The D-shaped exit holes (pictured above) and larval galleries are frequently found on trees showing symptoms of acute oak decline.

Larva of two-spotted oak buprestid Agrilus biguttatus, Gyorgy Csoka, Hungary FRI, Bugwood.jpg

Picture: Gyorgy Csoka, Hungary Forest Research Institute,

The larvae (above) are creamy-white and measure up to 40 mm (1.6 in) long. The first thoracic segment is enlarged. They have no legs, and have two spines on the last abdominal segment.

Galleries of two-spotted oak buprestid Agrilus biguttatus, Louis-Michel Nageleisen, Département de la Santé des Forêts, Bugwood.jpg

Picture: Louis-Michel Nageleisen, Département de la Santé des Forêts,

The galleries (above) which the larvae make as they feed on the vascular tissue typically follow a zig-zag course.

Report a sighting

TSOB is a native species and difficult for non-experts to observe, so we do not require reports of suspected sightings from members of the public. We do, however, invite reports of suspected acute oak decline.

Life cycle

The adult beetles lay their eggs in crevices in the bark of declining trees in the early summer. After the larvae (grubs) emerge from the eggs they tunnel through the corky outer bark to feed on the nutritious inner bark and cambium, creating long, sinuous galleries.

Mature larvae eventually pupate in the outer bark plates before emerging through the bark as adult beetles in the late spring and summer, creating the characteristic D-shaped exit holes in the bark as they do so. The entire life cycle can last for two years.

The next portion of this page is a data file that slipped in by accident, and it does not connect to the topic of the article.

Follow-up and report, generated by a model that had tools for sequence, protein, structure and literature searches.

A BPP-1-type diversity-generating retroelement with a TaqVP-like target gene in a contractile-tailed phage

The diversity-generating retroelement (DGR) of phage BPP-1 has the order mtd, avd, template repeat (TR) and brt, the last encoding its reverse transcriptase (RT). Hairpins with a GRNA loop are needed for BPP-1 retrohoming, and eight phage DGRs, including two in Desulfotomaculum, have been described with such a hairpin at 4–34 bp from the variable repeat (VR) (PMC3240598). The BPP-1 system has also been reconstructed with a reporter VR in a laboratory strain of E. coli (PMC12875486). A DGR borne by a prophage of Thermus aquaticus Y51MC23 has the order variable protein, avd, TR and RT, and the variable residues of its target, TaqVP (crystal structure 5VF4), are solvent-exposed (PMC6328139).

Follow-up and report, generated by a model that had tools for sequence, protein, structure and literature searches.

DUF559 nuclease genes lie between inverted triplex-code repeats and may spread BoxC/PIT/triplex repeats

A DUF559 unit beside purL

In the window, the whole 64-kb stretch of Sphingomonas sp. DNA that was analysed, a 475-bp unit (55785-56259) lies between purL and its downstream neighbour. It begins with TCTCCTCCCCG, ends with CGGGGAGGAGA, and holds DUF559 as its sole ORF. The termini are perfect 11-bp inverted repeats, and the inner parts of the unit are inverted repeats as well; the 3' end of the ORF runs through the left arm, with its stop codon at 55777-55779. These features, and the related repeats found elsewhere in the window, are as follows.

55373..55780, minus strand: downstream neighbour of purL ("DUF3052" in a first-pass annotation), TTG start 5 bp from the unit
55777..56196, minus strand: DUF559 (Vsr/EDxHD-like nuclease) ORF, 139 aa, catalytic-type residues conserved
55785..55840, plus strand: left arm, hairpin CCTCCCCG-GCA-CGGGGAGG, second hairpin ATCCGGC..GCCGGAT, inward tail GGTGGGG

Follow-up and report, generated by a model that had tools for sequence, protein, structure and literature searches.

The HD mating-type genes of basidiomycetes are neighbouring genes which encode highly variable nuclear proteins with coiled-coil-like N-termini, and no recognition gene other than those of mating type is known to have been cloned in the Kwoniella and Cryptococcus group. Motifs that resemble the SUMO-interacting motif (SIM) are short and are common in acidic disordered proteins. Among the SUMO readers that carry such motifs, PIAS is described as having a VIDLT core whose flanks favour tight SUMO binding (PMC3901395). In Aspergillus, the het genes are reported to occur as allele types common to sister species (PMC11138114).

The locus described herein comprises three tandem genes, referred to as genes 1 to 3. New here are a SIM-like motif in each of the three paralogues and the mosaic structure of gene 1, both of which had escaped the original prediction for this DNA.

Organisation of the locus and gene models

The life cycle is presented in graphic form in this Forest Research poster.


TSOB beetles can fly several kilometres. However, their distribution seems to be restricted by cool summer temperatures, although this might expand under a warming climate.

Our research

Forest Research has been investigating TSOB’s life cycle and distribution, and the role that it plays in acute oak decline.

To date (January 2020) we have been able to determine the role of temperature in the development of the beetle, and the duration of its life cycle.

Our research is also investigating:

  • the potential impacts of climate change on the beetle’s life cycle and distribution;
  • whether TSOB is involved in the transmission of pathogenic (disease-causing) bacteria between or within trees; and
  • when oak trees become suitable for larval development.

A summary of our research findings, as well as more-detailed information about two-spotted oak buprestid, are presented in this article in the journal Forestry.

Origins and background

TSOB is native to the UK, and until recently its recorded numbers and impacts were low. Possible reasons for its apparent increase in population might include:

  • increased host availability, i.e. more weakened or diseased oak trees for the beetle to breed in due to, for example, acute oak decline, chronic oak decline, or root pathogens;
  • climate change, including warmer average summer temperatures assisting an expansion of the insect’s distribution, and more frequent periods of water stress (such as the droughts of 1990-92 and 1995-97) increasing the susceptibility of host trees;
  • more-frequent severe weather events, such as storms, damaging trees; or
  • a combination of two or more of these factors.